Here Are the 3 Big Trends That Ruled This Year’s Super Bowl Ads

Multiple spots, humor and altruism were big

David Harbour stars in Tide's Super Bowl campaign, which played with many ad tropes. Tide
Headshot of Kristina Monllos

During the Super Bowl match-up of the Philadelphia Eagles versus the New England Patriots, brands looked for the next big hit. Would Chris Pratt’s flexing for Michelob Ultra work? Or would Mountain Dew’s lip-sync battle be the big hit? Ultimately, it’s clear that Tide’s attempt to hijack the Super Bowl won the day. Below, we revisit the trends of the game as well as a few bonus points.

1. Multiple spots

Given the price tag attached to Super Bowl ads, the decision to pony up more than $5 million for 30-seconds of your attention might seem surprising but several brands were willing to do so. Tide, Budweiser, Michelob Ultra, Toyota and Jeep were some of the brands that released multiple ads during the game.

“Rote repetition is important now more than ever,” said Rachel Spiegelman, CEO, Los Angeles-based creative shop Pitch. “Stats for how consumers multitask while watching TV have hit new heights, and during the Super Bowl, those figures increase [times 10] in nature because of increased social activity.”

“Hitting the Super Bowl’s huge audience of about 115 million people, multiple times, is one way the big guys can take advantage of being a big guy,” she said, “which is getting harder and harder in modern times.”

2. Humor

Amazon, NFL, Tourism Australia, Bud Light and the Mountain Dew versus Doritos lip-sync battle were all among the brands that aimed to make people laugh during the Super Bowl.

“There is definitely a concerted effort to go for funny,” said Tim Gordon, ecd at Droga5. “This isn’t surprising given last year.”

“Now more than ever, I think people want—no, make that need—to laugh a little,” said Deutsch’s Kelleher. “Heck, even the NFL itself needs a break from all of the politics. The beauty of the Super Bowl is that you have a captive audience who are there to have a good time.”

“They want to crack open a beer, watch some football and laugh at some funny commercials that aren’t trying to solve world peace,” he continued, “and the brands that deliver will be the ones that are remembered.”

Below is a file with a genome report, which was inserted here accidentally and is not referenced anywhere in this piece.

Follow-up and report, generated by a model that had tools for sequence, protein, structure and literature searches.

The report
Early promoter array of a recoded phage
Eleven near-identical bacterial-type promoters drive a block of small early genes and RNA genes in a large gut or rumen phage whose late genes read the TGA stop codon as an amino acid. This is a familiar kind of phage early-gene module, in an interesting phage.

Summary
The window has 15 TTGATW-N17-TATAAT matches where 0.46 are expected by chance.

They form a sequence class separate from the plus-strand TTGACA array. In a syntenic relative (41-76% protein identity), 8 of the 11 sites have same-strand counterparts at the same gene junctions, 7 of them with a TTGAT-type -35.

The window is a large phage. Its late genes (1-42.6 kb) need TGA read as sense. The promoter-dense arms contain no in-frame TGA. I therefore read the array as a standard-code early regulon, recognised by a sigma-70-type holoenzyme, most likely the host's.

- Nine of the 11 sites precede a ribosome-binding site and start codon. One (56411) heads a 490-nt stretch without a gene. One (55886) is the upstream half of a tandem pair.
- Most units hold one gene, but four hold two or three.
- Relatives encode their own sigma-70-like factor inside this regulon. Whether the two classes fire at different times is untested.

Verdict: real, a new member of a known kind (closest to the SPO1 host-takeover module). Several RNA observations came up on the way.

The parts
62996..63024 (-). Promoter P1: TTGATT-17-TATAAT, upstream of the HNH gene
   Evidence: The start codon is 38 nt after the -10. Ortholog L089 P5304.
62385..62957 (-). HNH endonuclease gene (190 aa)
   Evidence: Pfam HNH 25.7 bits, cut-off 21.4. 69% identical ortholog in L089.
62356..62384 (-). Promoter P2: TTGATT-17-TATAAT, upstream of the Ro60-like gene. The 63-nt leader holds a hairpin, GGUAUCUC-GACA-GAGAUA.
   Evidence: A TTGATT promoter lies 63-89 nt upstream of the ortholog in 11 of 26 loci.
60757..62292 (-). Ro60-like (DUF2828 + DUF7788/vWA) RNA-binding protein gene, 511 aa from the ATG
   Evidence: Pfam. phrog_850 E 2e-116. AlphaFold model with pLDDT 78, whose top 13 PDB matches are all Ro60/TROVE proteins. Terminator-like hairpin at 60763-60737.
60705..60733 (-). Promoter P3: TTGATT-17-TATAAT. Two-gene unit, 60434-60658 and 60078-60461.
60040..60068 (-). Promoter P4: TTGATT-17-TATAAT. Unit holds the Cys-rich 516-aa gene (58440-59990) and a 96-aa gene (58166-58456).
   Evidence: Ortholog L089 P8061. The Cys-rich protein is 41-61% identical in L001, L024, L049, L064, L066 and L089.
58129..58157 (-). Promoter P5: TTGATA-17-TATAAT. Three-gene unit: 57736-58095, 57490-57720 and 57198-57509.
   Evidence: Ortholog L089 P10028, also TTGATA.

3. Altruistic ads

T-Mobile, Verizon and Budweiser used the Super Bowl to make a statement about a larger issue: equality, water or disaster relief efforts.

“The world can never have enough brands with souls,” Eric Springer, cco at Innocean. “And ideas that bring people together. People don’t want to be divided. It’s not about blue states or red states—it’s about the United States.”

BONUS: Tide ruled the Super Bowl

Tide used a deceptive yet humorous campaign from Saatchi & Saatchi in New York to hijack the Super Bowl; it got viewers to question whether or not every ad they were watching was a Tide ad.

(Adweek’s own Marty Swant was on set for the making-of Tide’s Super Bowl campaign. Read more about it here. He also interviewed David Harbour about making the ads. Read that interview here.)

“Amazing,” said Deacon Webster, co-founder and chief creative officer at Walrus. “They’ve got everyone playing the game of ‘is it or isn’t it a Tide ad.'”

Kirk Drummond, co-Founder, CEO and cco of Drumroll, noted that, “In mountain biking, when you make it through a tough section without having to put your foot down you would say you ‘cleaned it.’ I’d say Tide’s ‘Tide Ad’ cleaned the Super Bowl and left us thinking about clean clothes during every commercial that followed. Well done Tide.”

BONUS pt. II: Dead air

Early in the game, around 7:38 p.m. ET, television screens across the country went black for nearly 30-seconds.

“The 30 seconds of just black was just lovely,” said Gordon. “We should do that more often.”

“Best commercial was the accidental pod of dead air in the second quarter,” said former Crispin Porter + Bogusky ecd and current independent creative consultant Mark Taylor. “Which could have been a great idea for E*Trade as a follow up stunt to the dancing monkeys from years ago, and a lesson on smarter investments.”

“It had everyone in the country fiddling with their remotes,” he said. “Everything else felt like a collective long walk for a roast beef sandwich. Except for, of course, Dilly Dilly.”

(A version of this story ran before the game.) 

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@KristinaMonllos Kristina Monllos is a senior editor for Adweek.